Jamaica: Work On Tobacco Control Bill Progressing WellACTA
Minister of Health and Wellness, Dr. the Hon. Christopher Tufton, says the work of the Joint Select Committee of Parliament on the Tobacco Control Bill is progressing well.
The Minister told JIS News that he has seen “progress” in the submissions from several interest groups and that the manufacturing company, Carreras Group, is scheduled to address the Committee.
“We are going through that process, and that is going well,” Dr. Tufton pointed out.
“There is general progress around what we all agree on, and what we may need to tweak a bit,” the Minister added.
Dr. Tufton said that at the end of the deliberations, Jamaica will have a “comprehensive legislation that is going to regulate how the tobacco trade is practised… how you enforce the laws, what are the fines, restrictions on activities like advertising, and smoking in certain places”.
Reform of the tobacco legislation is intended to help address issues associated with non-communicable diseases (NCDs), such as cardiovascular diseases, cancers, chronic respiratory diseases and diabetes.
These are caused by four major behavioural risk factors, including tobacco use, which is also the most preventable.
The law will also put Jamaica in a position to satisfy its obligations under the World Health Organization (WHO) Framework Convention on Tobacco Control Treaty (FCTC) and “generally restrict consumption of tobacco, because of the ill effects of consuming that product,” Dr. Tufton said.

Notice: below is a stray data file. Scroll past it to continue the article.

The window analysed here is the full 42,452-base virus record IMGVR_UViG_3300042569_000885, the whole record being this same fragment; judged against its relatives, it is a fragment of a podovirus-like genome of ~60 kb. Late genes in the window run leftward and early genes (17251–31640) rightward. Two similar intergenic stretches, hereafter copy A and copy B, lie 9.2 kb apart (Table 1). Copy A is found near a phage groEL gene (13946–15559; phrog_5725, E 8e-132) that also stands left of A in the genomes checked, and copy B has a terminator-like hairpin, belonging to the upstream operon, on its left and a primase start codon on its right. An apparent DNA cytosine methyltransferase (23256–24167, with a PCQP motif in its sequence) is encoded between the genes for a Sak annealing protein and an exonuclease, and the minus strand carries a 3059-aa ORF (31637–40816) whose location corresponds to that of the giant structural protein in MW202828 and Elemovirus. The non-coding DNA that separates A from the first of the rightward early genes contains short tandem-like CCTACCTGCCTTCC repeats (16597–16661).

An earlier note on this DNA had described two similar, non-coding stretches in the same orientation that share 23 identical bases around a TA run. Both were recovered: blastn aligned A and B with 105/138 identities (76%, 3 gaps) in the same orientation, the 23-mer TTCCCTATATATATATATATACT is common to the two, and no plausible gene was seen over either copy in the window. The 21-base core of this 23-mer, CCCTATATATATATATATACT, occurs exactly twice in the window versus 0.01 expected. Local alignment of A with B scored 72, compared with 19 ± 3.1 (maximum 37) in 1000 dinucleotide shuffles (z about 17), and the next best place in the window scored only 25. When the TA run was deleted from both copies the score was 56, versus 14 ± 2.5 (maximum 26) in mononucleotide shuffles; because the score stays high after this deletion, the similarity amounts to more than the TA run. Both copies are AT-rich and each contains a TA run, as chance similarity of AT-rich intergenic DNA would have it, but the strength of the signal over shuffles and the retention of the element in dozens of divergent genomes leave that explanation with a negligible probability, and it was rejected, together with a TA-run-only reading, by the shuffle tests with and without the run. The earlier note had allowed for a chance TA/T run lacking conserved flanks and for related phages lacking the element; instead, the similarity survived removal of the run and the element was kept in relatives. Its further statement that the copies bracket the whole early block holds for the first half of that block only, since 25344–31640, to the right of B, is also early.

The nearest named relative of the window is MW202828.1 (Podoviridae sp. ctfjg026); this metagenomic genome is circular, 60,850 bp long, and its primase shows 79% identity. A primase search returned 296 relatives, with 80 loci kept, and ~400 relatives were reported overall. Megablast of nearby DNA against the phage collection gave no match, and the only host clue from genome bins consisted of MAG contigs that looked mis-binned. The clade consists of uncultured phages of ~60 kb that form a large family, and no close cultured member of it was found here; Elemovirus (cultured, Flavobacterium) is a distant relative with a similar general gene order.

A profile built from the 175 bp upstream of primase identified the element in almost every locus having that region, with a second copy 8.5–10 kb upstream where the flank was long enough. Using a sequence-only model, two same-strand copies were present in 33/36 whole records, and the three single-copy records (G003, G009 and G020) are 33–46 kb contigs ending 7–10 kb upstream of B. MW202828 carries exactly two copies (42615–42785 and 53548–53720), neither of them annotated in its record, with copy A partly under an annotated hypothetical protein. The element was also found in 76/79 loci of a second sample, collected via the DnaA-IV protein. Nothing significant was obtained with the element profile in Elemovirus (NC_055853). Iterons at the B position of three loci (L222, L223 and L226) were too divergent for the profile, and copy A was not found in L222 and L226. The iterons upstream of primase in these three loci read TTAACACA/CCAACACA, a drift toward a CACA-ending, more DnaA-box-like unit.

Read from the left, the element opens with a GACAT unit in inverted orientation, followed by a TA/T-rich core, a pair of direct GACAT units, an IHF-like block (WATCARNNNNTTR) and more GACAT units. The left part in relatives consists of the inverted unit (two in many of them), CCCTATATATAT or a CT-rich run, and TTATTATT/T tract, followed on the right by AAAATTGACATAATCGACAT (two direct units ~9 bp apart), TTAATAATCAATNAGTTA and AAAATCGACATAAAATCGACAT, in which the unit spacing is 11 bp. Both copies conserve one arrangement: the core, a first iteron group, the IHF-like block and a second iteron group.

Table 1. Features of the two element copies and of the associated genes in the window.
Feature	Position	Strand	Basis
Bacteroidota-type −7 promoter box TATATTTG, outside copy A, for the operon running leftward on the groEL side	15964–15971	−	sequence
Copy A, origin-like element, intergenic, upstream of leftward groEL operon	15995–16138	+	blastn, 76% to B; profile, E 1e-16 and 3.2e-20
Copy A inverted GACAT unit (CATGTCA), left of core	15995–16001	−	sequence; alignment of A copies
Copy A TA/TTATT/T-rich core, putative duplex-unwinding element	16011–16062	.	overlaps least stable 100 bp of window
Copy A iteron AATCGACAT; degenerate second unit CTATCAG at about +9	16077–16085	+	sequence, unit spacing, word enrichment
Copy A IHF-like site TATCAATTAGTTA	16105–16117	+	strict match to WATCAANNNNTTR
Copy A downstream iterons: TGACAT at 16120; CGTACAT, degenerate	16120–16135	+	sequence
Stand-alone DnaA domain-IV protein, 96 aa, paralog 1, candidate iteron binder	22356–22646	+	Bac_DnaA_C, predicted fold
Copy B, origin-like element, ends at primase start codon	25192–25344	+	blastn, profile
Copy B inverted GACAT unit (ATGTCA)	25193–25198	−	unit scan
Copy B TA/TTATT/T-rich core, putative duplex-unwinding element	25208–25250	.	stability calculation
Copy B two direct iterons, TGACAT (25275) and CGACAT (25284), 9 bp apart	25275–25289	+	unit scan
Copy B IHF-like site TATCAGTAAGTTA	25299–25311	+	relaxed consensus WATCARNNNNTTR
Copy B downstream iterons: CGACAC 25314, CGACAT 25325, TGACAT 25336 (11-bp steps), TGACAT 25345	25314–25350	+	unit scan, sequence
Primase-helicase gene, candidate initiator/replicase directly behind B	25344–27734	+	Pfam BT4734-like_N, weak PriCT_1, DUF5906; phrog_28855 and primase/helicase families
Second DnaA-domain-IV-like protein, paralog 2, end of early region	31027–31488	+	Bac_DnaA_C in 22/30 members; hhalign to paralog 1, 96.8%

According to WHO data, more than five million deaths worldwide are the result of direct tobacco use, and more than 600,000 the result of non-smokers being exposed to second-hand smoke. The Global Youth Tobacco Survey indicated that in 2017, in Jamaica, some 15.6 per cent of students (15.9 per cent of boys, and 15 per cent of girls) used tobacco products.
Additionally, tobacco kills more than eight million people annually and can lead to tobacco dependence and serious health problems, including poor reproductive health, cardiovascular diseases, chronic obstructive pulmonary disease (COPD), and cancer. In essence, tobacco use is harmful to nearly every organ in the body.
Source: Jamaica Information Service